Tuesday, May 26, 2009
Disappointingly, the baguette carriers did not wear berets. And I had no-one spit on my shoe. In fact, I found the French generally friendly, welcoming, and very willing to put up with my complete lack of French.
I started in Paris, arriving on the Eurostar train from London in under 2 ½ hours. Despite a rather bad bout of food poisoning, after a long sleep and some food I was ready to explore the city.
Paris is a perfect city to get lost in. I avoided paying the hefty entrance fees to the main tourist sites (Eiffel Tower, Notre Dame, Arc de Triumph, the Champ Elysees), although I did see them from a distance, and instead wandered the streets aimlessly. Montmartre was a definite favourite, with its mixture of cobbled leafy streets, shamelessly seedy strip (site of the Moulin Rouge and an long, long, long row of sex shops) and site of some of the best views of Paris. After a compulsory taste of escargots (snails), I grabbed a few cans of beer and dragged a friend to the top of the steps of the Sacre Coeur basilica, which overlooks the whole city and we happily enjoyed the drizzly sundown after a long day of walking.
I went through the well stocked but easy to get lost in Picasso museum and the quite disappointing Jewish museum with a few cafe stops in between.
I left the hectic and rainy streets of Paris for La Rochelle, on France's Atlantic coast. It's a pretty, well- monied but quaint yachting city, with a beautiful old city wall and tower facing the coast.
Fouras was the next stop. A smaller coastal town with a charming village centre, it boasts an impressive seafood market, packed with fish, crabs, lobsters, sea snails and the region's famous oysters, all gleaming fresh.
I seem to be making a habit of visiting famous liquor towns, so this time I visited Cognac, home of the world famous luxury tipple. Like tequila or champagne, cognac can only be called cognac if it is from a select few provinces in France and according to a very strict distilling process. Made from a combination of grapes from certain French regions, it is then blended and double distilled before undergoing an aging process to produce the final product. The town of Cognac is in itself a very pretty, with many of the buildings dating back to the 15th and 16th centuries.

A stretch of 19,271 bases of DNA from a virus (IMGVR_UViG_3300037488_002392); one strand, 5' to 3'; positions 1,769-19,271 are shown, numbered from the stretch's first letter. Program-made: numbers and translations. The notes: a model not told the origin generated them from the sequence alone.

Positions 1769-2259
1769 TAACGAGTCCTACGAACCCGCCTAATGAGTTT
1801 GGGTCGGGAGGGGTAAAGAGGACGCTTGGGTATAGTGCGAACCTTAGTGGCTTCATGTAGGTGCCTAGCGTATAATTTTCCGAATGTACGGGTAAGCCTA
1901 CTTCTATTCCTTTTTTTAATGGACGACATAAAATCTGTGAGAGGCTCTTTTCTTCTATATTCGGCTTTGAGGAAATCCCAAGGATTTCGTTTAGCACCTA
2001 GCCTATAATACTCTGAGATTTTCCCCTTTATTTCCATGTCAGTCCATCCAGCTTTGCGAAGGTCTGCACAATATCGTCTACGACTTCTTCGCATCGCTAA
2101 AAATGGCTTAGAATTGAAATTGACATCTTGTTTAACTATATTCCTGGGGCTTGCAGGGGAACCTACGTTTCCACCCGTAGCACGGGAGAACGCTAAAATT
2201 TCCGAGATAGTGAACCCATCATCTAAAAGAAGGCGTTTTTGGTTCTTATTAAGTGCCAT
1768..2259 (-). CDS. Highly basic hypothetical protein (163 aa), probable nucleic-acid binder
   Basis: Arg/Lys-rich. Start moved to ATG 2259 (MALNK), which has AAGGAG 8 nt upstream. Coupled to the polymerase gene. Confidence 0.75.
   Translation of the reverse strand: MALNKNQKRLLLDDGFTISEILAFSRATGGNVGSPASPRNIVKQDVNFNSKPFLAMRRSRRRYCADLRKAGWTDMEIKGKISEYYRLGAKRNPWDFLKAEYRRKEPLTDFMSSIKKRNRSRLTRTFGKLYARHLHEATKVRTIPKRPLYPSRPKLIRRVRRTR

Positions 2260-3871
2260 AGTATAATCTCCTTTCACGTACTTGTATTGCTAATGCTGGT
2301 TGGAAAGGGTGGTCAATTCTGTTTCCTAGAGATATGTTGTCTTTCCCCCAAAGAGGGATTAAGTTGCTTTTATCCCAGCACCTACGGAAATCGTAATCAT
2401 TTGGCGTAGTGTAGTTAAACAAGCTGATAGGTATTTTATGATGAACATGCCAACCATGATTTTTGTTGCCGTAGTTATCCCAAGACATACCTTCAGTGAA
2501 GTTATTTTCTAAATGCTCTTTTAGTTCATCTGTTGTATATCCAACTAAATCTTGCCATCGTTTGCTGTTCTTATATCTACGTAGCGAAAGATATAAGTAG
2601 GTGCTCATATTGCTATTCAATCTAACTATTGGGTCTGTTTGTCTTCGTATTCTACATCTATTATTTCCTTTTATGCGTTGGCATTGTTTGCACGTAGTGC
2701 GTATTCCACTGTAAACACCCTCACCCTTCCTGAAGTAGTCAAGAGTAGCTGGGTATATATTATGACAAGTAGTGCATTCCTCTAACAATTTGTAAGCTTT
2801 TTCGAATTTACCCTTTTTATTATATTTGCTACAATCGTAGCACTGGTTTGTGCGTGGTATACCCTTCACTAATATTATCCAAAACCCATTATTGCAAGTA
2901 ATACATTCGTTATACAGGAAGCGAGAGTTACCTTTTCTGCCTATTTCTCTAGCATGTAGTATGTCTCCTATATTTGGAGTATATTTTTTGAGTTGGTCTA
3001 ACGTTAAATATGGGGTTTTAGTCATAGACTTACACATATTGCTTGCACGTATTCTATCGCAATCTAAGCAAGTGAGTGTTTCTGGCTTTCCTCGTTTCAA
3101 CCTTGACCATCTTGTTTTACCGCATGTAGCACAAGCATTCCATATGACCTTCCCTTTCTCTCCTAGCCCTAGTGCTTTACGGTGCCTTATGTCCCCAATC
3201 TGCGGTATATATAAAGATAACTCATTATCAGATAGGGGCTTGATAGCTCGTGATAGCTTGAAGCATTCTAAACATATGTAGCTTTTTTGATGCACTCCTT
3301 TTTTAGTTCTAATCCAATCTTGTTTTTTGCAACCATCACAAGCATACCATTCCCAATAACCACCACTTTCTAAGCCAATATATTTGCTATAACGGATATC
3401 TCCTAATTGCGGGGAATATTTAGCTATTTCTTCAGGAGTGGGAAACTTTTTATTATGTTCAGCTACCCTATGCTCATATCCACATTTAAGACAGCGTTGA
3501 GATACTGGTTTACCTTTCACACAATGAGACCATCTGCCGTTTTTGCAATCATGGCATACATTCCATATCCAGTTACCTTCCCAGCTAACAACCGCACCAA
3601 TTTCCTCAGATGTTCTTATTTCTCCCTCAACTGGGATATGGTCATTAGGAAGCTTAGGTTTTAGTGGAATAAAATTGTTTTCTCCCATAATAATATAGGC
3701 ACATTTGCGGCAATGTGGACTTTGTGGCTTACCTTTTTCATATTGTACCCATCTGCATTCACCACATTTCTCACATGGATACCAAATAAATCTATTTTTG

From Fouras I was incredibly lucky to have the chance to stay in a medieval chateau, set amidst the wheat fields and woodlands of Sansac, Western France. Complete with winding staircases, banquet rooms once used by knights, turrets, secret passages and books dating back centuries, much of the time it was difficult to believe I was actually there. Largely uninhabited, the chateau produces delicious handmade goat's cheese from the cellar factory.
It would take too much time to describe all the quaint villages I passed through and stopped in- all very old and beautiful, but the enduring images I will have of France are vast barley and wheat fields; spectacular, almost surreal castles set dramatically on hills surrounded by emerald woodlands; countless medieval villages with rambling gardens; and amazing cheese.... even the local Spar (a European convenience chain store) had its own, extensive delicatessen!
Many thanks to Gerhardt & Annie, who housed, drove and fed me very well!
Friday, May 15, 2009
The overriding question of the visit, asked of me by at least a dozen locals was 'Why would you come to Belfast?' They seemed genuinely perplexed as to why anyone would chose Belfast as a tourist destination.
I was there for the politics.
The Northern Ireland conflict has always fascinated me, especially because it's so recent and perhaps will never really be over. Its historical roots go back to the 1600's but became especially relevant following the civil rights movement in the USA in the 1960's and led to renewed conflict over various injustices such as gerrymandering, as well as over the constitutional status of Northern Ireland.
When peaceful protests by Catholics and some Protestants in the 1960's were met with violent force, the conflict turned increasingly violent and parts of Northern Ireland became virtual war zones with places like The Falls Road, in a staunchly republican area of the city, morphing into a tense and bloody front line of The Troubles.
With both sides denouncing the media as propaganda machines, the people of Belfast and (London)Derry turned to painting the walls of the streets with large murals to say what they wanted to say, much like today's blogs have responded to mass media. These murals remain in the more partisan areas of the cities, and while many still relate directly to the conflict, present day issues such as the Israeli-Palestine conflict and that same gnawing obsession with Che Guevara are also represented.